several checks consisting of (1) an iterative estimation of the synthetic or

counterfactual Turkey by excluding one weight-assigned country at each iteration

(i.e. leave-one-out synthetic control); (2) the use of alternative pre-terrorism

characteristics as predictors of GDP; (3) exclusion of the treated unit from the control

group of countries in the placebo test to assess the causality of the counterfactual

outcome; (4) using a smaller number of control countries to examine the trade-off

between sparsity and goodness of fit (i.e. sparse synthetic controls) and (5) an

assessment of the consequences of other interventions to the treated unit in the preintervention

period. Finally, as conventionally used to solve problems that have a

probabilistic interpretation, we employ a Monte Carlo experiment to approximate

the expected value of the causal effect by taking the empirical mean of repeated

random samples.

Section 2 presents a brief overview of the related literature that focuses on the

economic effects of particular terrorist organizations as well as those that employed

our chosen methodology, the synthetic control. Section 3 presents the theoretical

framework and the intuition behind the synthetic control method; rationalizes the

choice of the dataset and the criteria in the selection of potential control countries

that constitute our donor pool. Section 4 presents the results and performs a battery

of robustness checks. Section 5 assesses the validity of our inference with respect to a

number of potential threats. Section 6 discusses the possible effects of the post-2009

4


Fırat Bilgel and Burhan Can Karahasan

cease-fire attempts and the paradigm shift in terrorism and security issues. Section 7

concludes.

2. Prior literature

There has been an emerging empirical literature on the economic effects of particular

terrorist organizations and specific cases of political violence. Notable examples

include Fuerzas Armadas Revolucionarias de Colombia (FARC) in Colombia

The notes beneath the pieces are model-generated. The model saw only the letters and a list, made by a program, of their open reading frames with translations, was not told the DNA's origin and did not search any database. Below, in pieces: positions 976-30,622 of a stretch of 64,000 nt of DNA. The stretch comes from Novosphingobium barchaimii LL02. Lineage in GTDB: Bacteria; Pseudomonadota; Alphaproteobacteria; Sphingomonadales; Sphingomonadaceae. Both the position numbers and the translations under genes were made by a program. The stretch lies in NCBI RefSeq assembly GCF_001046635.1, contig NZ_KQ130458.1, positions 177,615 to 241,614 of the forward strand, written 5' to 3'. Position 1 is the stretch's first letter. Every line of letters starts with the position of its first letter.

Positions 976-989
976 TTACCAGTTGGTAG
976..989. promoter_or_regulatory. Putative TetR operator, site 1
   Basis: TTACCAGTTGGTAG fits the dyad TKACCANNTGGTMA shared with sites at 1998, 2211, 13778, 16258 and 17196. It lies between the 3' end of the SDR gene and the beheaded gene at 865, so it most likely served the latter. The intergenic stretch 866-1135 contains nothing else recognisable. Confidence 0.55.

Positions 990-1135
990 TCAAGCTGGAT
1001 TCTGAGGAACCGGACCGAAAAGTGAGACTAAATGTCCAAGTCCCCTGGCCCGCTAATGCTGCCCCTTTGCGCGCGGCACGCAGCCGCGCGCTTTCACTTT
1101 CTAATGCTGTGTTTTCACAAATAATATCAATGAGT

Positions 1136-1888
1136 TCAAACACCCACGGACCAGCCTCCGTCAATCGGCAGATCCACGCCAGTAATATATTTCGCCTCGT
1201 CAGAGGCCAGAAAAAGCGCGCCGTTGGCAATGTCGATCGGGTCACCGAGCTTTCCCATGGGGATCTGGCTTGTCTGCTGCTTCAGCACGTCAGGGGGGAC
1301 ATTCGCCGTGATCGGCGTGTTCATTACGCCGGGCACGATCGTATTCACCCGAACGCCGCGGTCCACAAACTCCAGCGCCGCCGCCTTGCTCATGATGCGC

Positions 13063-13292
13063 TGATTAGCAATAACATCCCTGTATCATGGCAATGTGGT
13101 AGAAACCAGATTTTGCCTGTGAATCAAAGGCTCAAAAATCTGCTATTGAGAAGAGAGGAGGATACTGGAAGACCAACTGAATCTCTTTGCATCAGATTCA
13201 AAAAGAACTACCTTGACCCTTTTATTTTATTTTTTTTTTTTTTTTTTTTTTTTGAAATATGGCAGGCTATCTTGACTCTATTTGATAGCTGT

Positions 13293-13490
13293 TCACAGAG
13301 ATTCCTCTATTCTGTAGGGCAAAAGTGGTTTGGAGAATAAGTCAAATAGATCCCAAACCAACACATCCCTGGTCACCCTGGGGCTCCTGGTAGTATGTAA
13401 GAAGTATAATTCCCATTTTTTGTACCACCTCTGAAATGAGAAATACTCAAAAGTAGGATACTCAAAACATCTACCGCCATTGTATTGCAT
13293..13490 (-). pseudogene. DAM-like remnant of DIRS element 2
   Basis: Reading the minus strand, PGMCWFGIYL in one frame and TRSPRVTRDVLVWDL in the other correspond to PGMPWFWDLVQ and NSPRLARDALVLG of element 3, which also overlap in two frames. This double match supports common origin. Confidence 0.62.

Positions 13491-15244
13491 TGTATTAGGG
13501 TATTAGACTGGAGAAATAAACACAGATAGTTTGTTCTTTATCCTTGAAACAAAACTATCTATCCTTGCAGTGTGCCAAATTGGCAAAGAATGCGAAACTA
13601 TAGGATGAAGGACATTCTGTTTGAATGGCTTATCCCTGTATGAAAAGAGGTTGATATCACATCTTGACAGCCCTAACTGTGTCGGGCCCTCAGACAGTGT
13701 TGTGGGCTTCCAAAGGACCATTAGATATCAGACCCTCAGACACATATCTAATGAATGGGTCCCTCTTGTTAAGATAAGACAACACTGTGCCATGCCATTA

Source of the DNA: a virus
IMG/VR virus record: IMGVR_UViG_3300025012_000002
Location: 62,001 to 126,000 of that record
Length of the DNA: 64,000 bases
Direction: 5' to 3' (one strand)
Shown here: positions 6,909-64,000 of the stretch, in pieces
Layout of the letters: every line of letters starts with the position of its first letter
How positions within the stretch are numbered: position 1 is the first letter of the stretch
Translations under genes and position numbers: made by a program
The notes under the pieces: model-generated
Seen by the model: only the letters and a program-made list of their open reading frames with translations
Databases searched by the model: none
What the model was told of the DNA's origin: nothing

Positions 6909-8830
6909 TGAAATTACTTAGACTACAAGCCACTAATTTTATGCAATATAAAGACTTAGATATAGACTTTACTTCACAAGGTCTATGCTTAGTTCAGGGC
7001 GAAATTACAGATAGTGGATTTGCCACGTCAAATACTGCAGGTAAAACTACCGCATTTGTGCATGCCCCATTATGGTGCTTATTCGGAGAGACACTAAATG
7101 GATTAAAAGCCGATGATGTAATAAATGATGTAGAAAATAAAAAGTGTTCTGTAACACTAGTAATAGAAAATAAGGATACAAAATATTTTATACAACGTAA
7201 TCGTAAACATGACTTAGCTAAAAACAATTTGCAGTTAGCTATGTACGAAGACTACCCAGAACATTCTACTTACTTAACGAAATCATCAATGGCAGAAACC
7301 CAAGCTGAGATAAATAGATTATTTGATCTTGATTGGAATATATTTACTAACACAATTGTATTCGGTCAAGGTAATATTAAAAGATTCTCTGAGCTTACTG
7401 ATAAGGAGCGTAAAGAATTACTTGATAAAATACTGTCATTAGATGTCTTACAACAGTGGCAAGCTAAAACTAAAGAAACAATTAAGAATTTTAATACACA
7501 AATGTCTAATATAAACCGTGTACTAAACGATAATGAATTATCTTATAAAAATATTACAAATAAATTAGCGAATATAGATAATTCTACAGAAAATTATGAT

(Holmes et al., 2007), the Israeli-Palestinian Conflict (Eckstein and Tsiddon, 2004;

Persitz, 2007), Taliban in Pakistan (Ahmed et al., 2012; Fatima et al., 2014; Gul et al.,

2010; Hyder et al., 2015; Mehmood, 2014), Euskadi Ta Askatasuna (ETA) in Spain

(Barros et al., 2006; Buesa et al., 2007; Colino, 2012; Colino, 2013) and Kurdistan

Workers' Party (PKK) in Turkey (Özsoy and Sahin, 2006; Feridun and Sezgin, 2008;

Araz-Takay et al., 2009; Öcal and Yıldırım, 2010; Derin-Güre, 2011; Feridun, 2011;

Kayaoğlu, 2014). For a deeper and extensive discussion of the causes and

consequences of terrorism in general, we refer the reader to Sandler and Enders

(2008) and Krieger and Meierrieks (2011).

There is also a thin strand of research series that uses the synthetic control method to

identify the causal effects of political armed conflict. In their seminal paper, Abadie

and Gardeazabal (2003) applies the synthetic control method to ETA violence in

Spain and estimate a reduction of about 10 percent in per capita GDP relative to the

synthetic Basque region. A similar causal effect was found by Dorsett (2013) for the

Irish Republican Army (IRA) in Northern Ireland and by Horiuchi and Mayerson

(2015) for the second intifada under the Israeli-Palestinian conflict. The largest causal

effect of 58 percent on GDP was reported by Almer and Hodler (2015) for the

Rwandan genocide. Finally, Bilgel and Karahasan (2015) estimates the causal impact

5


Thirty Years of Conflict and Economic Growth in Turkey